The University of Cape Town’s Dr Digby Warner spoke on the topic: “Vitamin B12 shot for Mycobacterium Tuberculosis”, at the monthly K-RITH Seminar Series hosted by UKZN’s KwaZulu-Natal Research Institute for Tuberculosis and HIV (K-RITH).
Mycobacterium Tuberculosis (MTB), the bacteria that causes Tuberculosis (TB), is a select group of bacteria which retains the ability for biosynthesising vitamin B12, a chief and intricate natural organometallic cofactor. This vitamin is water-soluble with a significant role in the development of blood for the regular function of the brain and the nervous system.
B12 is important for the body as it is essential for manufacturing red blood cells. A person may become anaemic due to a deficiency of B12. The vitamin is also required for the replication of DNA.
B12 is a vitamin that not many people are aware of and is mostly taken through injections and vitamins, says Digby.
‘The MTB virus predicted a pathway for B12 synthesis and doesn’t have a vitamin B12 transporter. The main question I wanted to answer in my research was: “Can MTB synthesis transport B12”?
‘The MTB genome encodes two B12 riboswitches and three B12-dependent enzymes. Two of these enzymes have been shown to operate in methionine biosynthesis (MetH) and propionate utilisation (MutAB). These observations suggest that MTB has the capacity to regulate core metabolic functions according to B12 availability – whether attained through endogenous synthesis or by acceptance from the host environment,’ said Digby.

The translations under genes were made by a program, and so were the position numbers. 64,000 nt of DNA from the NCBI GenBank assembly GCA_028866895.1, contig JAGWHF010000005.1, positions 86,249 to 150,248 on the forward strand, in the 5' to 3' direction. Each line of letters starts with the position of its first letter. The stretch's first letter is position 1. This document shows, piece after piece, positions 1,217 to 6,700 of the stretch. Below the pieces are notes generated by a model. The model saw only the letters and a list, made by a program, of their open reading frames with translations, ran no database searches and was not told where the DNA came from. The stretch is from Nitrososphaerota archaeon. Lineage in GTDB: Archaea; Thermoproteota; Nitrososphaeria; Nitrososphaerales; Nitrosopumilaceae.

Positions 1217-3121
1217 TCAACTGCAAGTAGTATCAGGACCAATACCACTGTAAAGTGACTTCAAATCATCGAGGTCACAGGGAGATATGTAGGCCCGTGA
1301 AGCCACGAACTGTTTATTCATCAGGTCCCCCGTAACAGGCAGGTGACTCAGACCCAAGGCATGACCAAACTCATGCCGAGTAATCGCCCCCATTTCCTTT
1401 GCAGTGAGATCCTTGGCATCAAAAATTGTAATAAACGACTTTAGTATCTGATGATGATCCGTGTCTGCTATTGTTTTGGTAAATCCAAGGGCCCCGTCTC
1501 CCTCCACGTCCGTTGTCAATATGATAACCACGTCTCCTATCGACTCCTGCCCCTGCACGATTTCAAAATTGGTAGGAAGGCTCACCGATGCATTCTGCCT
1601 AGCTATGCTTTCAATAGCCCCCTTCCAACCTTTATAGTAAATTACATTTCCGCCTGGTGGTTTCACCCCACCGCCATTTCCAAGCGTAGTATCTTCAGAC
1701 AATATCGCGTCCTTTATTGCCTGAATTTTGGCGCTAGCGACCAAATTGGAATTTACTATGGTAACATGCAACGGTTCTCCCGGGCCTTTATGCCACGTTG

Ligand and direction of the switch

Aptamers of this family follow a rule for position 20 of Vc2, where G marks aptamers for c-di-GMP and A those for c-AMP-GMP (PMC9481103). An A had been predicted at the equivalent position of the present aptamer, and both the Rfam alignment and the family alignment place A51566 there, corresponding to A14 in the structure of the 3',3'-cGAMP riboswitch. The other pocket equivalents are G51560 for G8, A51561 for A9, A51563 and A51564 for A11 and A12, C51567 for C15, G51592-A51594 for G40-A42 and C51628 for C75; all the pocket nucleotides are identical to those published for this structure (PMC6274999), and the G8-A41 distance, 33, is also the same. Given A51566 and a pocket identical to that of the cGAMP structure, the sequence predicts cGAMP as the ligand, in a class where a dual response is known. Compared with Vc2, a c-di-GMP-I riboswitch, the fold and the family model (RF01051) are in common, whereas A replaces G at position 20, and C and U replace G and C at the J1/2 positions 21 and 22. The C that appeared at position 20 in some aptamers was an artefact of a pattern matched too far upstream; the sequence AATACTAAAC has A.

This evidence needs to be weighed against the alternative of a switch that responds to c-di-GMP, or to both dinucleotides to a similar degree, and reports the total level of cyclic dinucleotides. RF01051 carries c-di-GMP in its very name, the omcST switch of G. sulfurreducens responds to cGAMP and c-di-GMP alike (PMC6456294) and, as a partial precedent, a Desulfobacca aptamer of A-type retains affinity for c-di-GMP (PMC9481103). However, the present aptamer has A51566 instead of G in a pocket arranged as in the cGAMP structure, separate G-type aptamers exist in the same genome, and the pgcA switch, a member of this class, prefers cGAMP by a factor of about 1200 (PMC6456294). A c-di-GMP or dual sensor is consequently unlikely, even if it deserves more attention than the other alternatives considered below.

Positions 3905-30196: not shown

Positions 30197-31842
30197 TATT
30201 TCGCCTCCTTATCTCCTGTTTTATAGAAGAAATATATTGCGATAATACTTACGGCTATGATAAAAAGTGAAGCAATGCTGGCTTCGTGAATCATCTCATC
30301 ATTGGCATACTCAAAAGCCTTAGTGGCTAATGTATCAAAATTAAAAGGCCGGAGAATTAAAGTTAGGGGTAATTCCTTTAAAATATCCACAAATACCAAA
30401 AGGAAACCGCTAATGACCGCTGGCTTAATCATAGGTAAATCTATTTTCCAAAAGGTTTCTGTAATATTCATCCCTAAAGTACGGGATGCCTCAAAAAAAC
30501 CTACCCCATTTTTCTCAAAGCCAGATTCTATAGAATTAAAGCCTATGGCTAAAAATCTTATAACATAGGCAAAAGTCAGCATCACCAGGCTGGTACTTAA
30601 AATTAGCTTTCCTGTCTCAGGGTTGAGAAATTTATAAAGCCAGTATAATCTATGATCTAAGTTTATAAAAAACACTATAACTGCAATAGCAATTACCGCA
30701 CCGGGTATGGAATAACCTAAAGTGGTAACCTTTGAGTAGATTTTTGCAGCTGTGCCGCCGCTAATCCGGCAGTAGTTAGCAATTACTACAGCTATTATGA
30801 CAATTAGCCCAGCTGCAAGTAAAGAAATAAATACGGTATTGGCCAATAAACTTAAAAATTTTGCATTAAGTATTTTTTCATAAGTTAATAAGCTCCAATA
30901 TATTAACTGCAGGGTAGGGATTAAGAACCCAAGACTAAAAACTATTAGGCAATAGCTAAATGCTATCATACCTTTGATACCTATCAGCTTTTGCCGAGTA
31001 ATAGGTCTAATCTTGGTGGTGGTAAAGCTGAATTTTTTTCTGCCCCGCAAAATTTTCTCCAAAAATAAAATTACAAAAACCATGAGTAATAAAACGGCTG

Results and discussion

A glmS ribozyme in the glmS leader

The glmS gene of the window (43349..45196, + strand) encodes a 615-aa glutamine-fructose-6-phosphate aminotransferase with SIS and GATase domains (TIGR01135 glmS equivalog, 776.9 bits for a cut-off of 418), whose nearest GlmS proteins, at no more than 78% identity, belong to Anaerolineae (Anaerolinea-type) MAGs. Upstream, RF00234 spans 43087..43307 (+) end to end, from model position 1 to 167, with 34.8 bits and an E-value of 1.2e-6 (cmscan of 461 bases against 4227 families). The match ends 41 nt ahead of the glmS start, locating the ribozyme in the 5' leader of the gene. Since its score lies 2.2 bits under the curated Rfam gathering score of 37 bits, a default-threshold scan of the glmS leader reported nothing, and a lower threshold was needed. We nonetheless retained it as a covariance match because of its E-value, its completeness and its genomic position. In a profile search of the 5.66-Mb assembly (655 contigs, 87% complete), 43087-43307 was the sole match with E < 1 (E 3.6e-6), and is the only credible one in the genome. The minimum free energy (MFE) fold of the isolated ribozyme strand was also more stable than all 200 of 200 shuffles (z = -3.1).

‘This therefore implies a role for vitamin B12 in pathogenesis that remains poorly understood.
‘MTB does not synthesise B12, but it can transport B12 as it is able to be incorporated into the TB cell. The B12 vitamin gets pulled into a membrane for being transported and the B12 is handed over from different proteins until it is delivered to the bacteria. TB has the potential to hijack vitamin B12 from its host and TB does not synthesise vitamin B12.
‘The more we do, the less we seem to understand about this organism. B12 appears completely incompatible as it is nature’s most complex vitamin. But is genetically expensive to make B12 and energetically expensive to make the co-factor.’
The K-RITH Seminar Series aims to further scientific integration and collaboration among South African scientists. K-RITH is based at the Nelson R Mandela School of Medicine campus.